John Lynch

Lynch reveals 49ers payroll error that led to NFL punishment

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ORLANDO, Fla. — Three years ago, the 49ers made a payroll mistake that ended up being a lot more costly than the $75,000 that landed in the account of one lucky player.

On Monday, general manager John Lynch revealed some details of the clerical error that resulted in the NFL’s recent punishment of the 49ers, including the forfeiture of a fifth-round pick in the 2025 draft.

The NFL announced last week penalties against the 49ers for misreporting the team's cumulative player compensation. In addition to losing their fifth-round pick next year, the league moved the 49ers’ fourth-round selection at No. 131 overall to the final pick of the round at No. 135.

So, instead of holding picks late in the fourth round at Nos. 131 and 133, the 49ers now own picks 132 and 135 in the 2024 NFL Draft.

Lynch prefaced his remarks at the NFL Annual Meeting to note his respect for commissioner Roger Goodell and Larry Ferazani, who leads the NFL Management Council. But Lynch clearly believes the punishment did not match the level of the infraction.

The 49ers self-reported the issue to the NFL after failing to get the money back, Lynch said.

“We have a difference of opinion on the severity of the discipline,” he said.

According to Lynch, San Francisco overpaid a player by $75,000. He did not identify the player.

The league announced last week that the punishment resulted from a review that found administrative payroll accounting errors at the close of the 2022 league year.

“This was back in the COVID era, and there was a new system in place, and so it happened,” Lynch said. “We own our part. We’ve gone through a whole mitigation deal to remedy some of the issues that happened. But the league decided to impose that [penalty], so you take your medicine and move on.

“And we’ll be good. You hate to see a fifth-round pick next year [be forfeited]. The fifth round has been good to us.”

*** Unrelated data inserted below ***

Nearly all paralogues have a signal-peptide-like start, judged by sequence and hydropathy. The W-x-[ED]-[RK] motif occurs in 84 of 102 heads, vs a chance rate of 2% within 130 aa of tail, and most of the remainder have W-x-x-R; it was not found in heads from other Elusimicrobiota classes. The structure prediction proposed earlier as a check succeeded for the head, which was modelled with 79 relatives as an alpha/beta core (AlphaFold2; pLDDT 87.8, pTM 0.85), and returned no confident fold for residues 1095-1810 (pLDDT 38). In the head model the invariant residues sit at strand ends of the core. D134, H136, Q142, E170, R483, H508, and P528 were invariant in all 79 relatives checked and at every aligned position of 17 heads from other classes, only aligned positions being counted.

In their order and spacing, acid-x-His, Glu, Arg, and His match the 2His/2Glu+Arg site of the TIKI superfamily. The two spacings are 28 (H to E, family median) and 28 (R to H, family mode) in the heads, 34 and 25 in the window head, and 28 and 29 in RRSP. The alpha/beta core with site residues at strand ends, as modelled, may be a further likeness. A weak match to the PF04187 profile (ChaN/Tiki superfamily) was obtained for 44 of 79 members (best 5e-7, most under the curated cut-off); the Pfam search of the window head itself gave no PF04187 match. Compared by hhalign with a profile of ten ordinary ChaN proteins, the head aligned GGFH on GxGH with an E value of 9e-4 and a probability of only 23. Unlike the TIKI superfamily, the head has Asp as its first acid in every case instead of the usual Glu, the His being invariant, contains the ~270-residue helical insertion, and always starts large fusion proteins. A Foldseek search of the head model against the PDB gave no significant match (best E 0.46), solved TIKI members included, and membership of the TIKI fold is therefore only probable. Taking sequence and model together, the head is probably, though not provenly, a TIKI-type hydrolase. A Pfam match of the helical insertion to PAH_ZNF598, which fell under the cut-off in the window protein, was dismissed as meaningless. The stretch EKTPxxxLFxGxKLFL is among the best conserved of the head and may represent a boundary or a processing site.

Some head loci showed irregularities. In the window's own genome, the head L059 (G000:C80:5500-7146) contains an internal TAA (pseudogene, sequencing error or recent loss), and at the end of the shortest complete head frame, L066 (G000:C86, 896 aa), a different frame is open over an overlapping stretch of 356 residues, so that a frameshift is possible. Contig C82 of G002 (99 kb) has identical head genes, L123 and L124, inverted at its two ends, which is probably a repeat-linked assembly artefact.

The 49ers selected starters George Kittle, Dre Greenlaw, Talanoa Hufanga, Colton McKivitz and Deommodore Lenoir in the fifth round of drafts from 2017 to 2021.

“Part of the issue, we tried to recoup it, as opposed to reporting it,” Lynch said. “That’s where our culpability was. So, we’ve learned from that. We eventually did report it, but we kind of went down the road of trying to recoup it. And the player did what you think he’d do.”

In other words, the player kept the payment.

San Francisco finally had to account for the lost money on its books. The NFL salary cap increases to $255.4 million per team this season.

The NFL deemed the 49ers’ violation warranted a punishment similar to the Houston Texans, who provided their then-quarterback, Deshaun Watson, unreported compensation in the form of an athletic club membership in 2020. The NFL ordered the Texans to pay a $175,000 fine.

In a statement last week, the NFL announced San Francisco would have remained under the salary cap at all times if the $75,000 payment had been reported. The NFL determined there was no intent to circumvent the cap.

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